- Modify the existing main default.asp, global.asa, and main asp script creating all pages to work with the new redirects (some duplicate code in asp and .net could not be avoided)
- Host name determines application name: One main host name for each (of the 3-4) application. I will use a subdomain of subversiv.at as my new primary host.
- Check if the application has been migrated, as per config parameters. If not the existing redirect logic and existing asp code kicks in - which sends the user to a subfolder depending on host name. This is for historical reasons as I had only one virtual web host in the old times, so e.g. e-stangl.at/ redirected to e-stangl.at/e/
- If the app was migrated, redirect all attempts to use a 'secondary' host to the new one. So e.g. accessing e-stangl.at will be recognized as calling the elkement app and redirect to my new primary name.
- Configuring the application as 'migrated' does not yet redirect any attempt to access one of the old articles. I will have to turn on my rewrite map or code for that.
- Complete all features for all applications before taking 'elkement'
- Feed parser for punktwissen,
- 'image database' for z-village (using small posts with images effectively as entries in a table of images), add an option to show the large version of the image inline.
- Maybe: Ordering of posts in category by changed date, not by created date.
- Limit number of posts on main page and on tag's pages, number = global parameter.
- Replace internal relative URLs to pages in the same virtual directory by absolute ones.
- Maybe: Replace parent path (../) URLs in old code, to turn Parent Path in the ASP config off as soon as possible.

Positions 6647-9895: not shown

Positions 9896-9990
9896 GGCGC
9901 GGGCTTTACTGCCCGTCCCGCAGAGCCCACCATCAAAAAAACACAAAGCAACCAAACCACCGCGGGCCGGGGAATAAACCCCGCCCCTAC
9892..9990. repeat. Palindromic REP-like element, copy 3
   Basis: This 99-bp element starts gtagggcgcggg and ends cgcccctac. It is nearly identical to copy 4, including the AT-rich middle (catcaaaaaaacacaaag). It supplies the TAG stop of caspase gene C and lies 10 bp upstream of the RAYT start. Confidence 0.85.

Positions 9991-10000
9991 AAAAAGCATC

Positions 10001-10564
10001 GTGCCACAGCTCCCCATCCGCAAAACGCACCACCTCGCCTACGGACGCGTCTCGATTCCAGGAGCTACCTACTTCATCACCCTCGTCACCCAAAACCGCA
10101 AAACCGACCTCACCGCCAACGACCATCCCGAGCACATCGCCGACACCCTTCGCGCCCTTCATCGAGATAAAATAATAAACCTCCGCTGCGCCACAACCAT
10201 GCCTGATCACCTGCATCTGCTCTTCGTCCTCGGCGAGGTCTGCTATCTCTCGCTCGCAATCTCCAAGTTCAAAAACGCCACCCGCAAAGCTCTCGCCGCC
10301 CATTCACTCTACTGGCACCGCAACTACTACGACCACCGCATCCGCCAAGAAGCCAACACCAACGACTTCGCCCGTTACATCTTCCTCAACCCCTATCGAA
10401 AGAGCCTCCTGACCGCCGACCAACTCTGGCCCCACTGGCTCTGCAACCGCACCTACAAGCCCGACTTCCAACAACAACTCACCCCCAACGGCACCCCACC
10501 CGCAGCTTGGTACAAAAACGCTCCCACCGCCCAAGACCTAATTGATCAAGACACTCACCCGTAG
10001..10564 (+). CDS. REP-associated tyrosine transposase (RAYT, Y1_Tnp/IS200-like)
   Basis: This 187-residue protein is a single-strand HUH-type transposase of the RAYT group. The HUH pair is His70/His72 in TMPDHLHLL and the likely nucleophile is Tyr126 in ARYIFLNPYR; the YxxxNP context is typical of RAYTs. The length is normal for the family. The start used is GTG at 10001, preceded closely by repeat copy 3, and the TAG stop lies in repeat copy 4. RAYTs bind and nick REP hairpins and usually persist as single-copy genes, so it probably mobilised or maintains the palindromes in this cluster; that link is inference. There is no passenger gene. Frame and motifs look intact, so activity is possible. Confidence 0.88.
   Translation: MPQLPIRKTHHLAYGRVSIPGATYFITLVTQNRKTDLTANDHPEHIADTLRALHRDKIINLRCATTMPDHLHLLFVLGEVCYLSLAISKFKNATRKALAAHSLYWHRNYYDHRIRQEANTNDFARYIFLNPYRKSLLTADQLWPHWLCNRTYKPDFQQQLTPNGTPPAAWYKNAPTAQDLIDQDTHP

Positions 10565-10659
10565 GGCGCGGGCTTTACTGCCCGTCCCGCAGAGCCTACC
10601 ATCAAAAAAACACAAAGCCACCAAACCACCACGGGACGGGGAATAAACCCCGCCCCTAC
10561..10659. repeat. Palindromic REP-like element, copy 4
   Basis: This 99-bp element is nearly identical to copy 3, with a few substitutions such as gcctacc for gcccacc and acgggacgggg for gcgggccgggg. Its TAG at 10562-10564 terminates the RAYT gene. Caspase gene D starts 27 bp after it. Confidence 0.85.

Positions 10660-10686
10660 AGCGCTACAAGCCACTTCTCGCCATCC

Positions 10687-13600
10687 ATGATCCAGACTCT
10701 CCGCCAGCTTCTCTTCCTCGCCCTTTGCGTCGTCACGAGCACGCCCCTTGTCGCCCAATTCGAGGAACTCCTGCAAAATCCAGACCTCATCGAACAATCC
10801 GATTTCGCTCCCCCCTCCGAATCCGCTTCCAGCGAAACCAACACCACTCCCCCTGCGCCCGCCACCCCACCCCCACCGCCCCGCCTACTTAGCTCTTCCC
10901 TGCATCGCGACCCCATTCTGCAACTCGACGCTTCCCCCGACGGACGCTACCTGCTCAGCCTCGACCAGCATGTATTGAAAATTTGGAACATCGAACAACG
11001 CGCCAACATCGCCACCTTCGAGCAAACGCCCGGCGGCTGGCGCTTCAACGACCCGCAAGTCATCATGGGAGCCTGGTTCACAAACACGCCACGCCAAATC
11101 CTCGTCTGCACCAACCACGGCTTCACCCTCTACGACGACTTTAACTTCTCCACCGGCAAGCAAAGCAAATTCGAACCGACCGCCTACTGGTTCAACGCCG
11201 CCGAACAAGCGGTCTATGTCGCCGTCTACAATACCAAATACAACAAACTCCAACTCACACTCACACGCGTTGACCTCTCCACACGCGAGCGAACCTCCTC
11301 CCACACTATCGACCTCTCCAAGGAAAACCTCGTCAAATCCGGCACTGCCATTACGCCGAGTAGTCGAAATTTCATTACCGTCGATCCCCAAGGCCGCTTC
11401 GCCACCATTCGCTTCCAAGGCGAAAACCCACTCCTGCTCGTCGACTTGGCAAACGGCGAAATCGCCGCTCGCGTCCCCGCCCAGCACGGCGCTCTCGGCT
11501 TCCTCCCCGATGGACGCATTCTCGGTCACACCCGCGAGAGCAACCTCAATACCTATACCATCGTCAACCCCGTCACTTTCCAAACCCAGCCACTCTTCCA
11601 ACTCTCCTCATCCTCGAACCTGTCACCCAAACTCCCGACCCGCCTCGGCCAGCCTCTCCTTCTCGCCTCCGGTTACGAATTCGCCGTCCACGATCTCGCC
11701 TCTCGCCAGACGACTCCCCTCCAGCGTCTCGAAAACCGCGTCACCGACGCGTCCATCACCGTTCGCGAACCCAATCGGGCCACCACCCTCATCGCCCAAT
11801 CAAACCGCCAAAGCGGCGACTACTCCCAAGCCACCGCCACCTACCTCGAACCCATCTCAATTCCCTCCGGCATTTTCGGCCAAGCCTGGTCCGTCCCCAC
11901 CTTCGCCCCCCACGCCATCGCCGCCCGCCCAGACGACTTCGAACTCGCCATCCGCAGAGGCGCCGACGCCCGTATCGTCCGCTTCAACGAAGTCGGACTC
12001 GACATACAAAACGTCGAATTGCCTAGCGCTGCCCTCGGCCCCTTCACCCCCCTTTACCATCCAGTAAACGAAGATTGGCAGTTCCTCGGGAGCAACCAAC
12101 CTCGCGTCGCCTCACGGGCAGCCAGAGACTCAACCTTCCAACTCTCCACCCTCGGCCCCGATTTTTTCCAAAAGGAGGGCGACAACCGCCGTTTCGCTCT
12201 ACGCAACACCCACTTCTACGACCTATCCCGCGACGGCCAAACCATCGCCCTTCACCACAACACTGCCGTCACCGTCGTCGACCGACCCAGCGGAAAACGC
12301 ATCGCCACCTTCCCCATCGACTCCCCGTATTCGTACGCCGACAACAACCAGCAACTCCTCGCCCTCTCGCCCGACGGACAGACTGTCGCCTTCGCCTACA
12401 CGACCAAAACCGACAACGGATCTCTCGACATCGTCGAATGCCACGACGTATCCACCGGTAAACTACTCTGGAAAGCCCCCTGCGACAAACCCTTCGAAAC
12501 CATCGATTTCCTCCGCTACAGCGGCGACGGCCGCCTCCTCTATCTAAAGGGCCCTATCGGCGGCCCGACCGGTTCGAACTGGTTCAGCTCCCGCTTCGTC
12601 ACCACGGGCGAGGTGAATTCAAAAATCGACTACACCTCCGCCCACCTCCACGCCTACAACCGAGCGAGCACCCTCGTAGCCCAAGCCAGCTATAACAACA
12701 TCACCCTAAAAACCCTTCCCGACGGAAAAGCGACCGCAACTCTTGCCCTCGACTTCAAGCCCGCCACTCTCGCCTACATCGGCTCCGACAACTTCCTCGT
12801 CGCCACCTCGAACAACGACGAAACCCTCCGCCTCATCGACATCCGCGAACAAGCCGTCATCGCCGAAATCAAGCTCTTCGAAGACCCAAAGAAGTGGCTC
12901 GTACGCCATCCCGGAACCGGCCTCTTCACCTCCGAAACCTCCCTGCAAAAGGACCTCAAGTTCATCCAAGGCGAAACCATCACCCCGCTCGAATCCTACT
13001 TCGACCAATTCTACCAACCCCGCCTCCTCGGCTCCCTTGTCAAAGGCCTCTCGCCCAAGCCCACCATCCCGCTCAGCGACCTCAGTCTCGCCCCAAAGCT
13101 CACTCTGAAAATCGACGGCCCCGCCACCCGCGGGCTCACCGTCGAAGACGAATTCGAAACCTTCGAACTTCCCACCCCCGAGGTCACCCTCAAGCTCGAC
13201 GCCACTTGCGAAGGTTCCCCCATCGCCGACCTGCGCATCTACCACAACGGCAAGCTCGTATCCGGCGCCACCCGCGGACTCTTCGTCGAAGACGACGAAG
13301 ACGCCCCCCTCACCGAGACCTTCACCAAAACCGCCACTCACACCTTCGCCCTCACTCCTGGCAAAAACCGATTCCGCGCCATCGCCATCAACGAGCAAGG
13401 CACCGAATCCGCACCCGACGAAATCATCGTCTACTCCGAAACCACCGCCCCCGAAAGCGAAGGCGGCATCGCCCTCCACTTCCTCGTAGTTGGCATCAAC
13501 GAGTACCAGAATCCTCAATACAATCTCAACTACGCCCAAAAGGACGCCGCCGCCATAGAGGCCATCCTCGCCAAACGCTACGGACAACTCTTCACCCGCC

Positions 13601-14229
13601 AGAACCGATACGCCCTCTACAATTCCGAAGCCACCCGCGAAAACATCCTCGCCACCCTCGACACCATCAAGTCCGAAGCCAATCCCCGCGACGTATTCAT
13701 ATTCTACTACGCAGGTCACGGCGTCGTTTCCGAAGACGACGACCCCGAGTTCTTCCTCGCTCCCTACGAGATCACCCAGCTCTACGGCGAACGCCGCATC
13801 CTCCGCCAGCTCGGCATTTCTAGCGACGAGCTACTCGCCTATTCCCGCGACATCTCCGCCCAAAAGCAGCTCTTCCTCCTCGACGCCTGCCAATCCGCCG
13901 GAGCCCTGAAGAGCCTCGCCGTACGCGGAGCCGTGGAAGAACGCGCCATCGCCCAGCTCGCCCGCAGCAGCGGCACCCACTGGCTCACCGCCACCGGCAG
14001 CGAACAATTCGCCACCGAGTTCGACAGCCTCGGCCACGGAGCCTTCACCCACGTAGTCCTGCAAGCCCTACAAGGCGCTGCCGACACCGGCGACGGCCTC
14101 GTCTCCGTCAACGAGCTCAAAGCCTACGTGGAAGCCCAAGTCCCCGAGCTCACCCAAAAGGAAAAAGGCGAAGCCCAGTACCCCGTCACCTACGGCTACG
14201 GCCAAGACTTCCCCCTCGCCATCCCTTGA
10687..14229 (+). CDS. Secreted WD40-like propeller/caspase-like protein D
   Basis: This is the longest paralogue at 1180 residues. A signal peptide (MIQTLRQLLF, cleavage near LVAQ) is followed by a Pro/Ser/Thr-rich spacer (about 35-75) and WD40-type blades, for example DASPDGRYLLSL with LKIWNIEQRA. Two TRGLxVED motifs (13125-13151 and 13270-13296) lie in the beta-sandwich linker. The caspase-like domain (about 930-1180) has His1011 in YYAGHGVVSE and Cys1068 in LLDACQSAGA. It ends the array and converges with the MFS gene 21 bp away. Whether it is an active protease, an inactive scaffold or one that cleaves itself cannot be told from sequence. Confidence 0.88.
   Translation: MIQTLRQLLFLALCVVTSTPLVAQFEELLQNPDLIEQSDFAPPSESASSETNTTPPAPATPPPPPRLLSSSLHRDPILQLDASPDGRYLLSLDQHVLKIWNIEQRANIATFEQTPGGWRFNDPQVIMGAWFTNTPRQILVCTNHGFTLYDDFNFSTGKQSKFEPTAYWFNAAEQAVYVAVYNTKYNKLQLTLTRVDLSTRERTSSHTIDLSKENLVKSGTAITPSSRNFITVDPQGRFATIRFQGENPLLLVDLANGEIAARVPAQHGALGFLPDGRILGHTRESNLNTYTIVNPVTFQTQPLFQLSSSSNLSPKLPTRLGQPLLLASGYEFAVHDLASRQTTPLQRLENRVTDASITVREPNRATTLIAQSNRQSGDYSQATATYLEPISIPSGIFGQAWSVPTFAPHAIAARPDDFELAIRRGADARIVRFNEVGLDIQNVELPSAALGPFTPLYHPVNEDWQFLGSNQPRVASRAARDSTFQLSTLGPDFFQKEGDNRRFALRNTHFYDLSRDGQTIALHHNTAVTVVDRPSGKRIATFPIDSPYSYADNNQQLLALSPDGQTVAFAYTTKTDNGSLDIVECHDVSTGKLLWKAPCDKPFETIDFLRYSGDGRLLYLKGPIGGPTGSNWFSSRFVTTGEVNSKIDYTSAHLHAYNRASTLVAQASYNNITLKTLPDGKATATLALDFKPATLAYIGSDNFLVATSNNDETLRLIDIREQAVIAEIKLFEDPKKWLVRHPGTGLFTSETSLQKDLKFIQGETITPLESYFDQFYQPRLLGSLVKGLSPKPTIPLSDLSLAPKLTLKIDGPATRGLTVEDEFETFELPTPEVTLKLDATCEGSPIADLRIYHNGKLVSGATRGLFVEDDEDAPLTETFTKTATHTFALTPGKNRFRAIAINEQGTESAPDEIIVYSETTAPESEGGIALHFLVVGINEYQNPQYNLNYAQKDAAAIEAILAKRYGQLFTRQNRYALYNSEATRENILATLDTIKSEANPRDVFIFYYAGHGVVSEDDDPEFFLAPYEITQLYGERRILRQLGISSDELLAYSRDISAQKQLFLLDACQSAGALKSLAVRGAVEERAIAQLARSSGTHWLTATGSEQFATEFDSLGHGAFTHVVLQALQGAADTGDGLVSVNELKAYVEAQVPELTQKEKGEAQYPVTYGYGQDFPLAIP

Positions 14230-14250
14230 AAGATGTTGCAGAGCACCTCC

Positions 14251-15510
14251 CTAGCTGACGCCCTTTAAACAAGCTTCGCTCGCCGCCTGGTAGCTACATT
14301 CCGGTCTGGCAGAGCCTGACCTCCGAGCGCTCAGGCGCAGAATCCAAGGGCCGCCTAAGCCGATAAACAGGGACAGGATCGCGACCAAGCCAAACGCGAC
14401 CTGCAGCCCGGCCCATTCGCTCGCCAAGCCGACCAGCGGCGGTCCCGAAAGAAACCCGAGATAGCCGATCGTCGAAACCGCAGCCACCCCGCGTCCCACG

- Migrate all content from side panes, header, and footer. Add images used before to new posts, re-use descriptions from old image database (TXT).
- Take elkement live and test redirects and preview images (social networks).
- If OK: Take the other apps live.
- Fix bugs
- Turn on redirects for old ASP pages.
- Watch results in web master tools.
- Inform Google about new URLs (Web Master Tools)
I've built the underlying 'flat-file database' (Details in this post), and my not yet public site has these features now:
- Menu bar from pages.
- Show all postings on home page
- Recent posts and archive in left bar.
- Tag cloud in right bar, tags created by grouping all posts' meta data.
- 'Tag page': Show all posts tagged with a specific tag.
- Indicate category of current posting by highlighting category in the menu.
- Highlight currently clicked article in archive.
- Menu page contains custom text plus automatically created list of all postings in this category.
- Automatic creation of RSS feed.
- CSS stylesheet and responsive design.
- 'Nice' URLs - ASP.NET Routing.
Currently I am painstakingly migrating snippets of content to new counterparts / articles / text files.
For testing I am using a layout similar to my Wordpress.com's blog design now: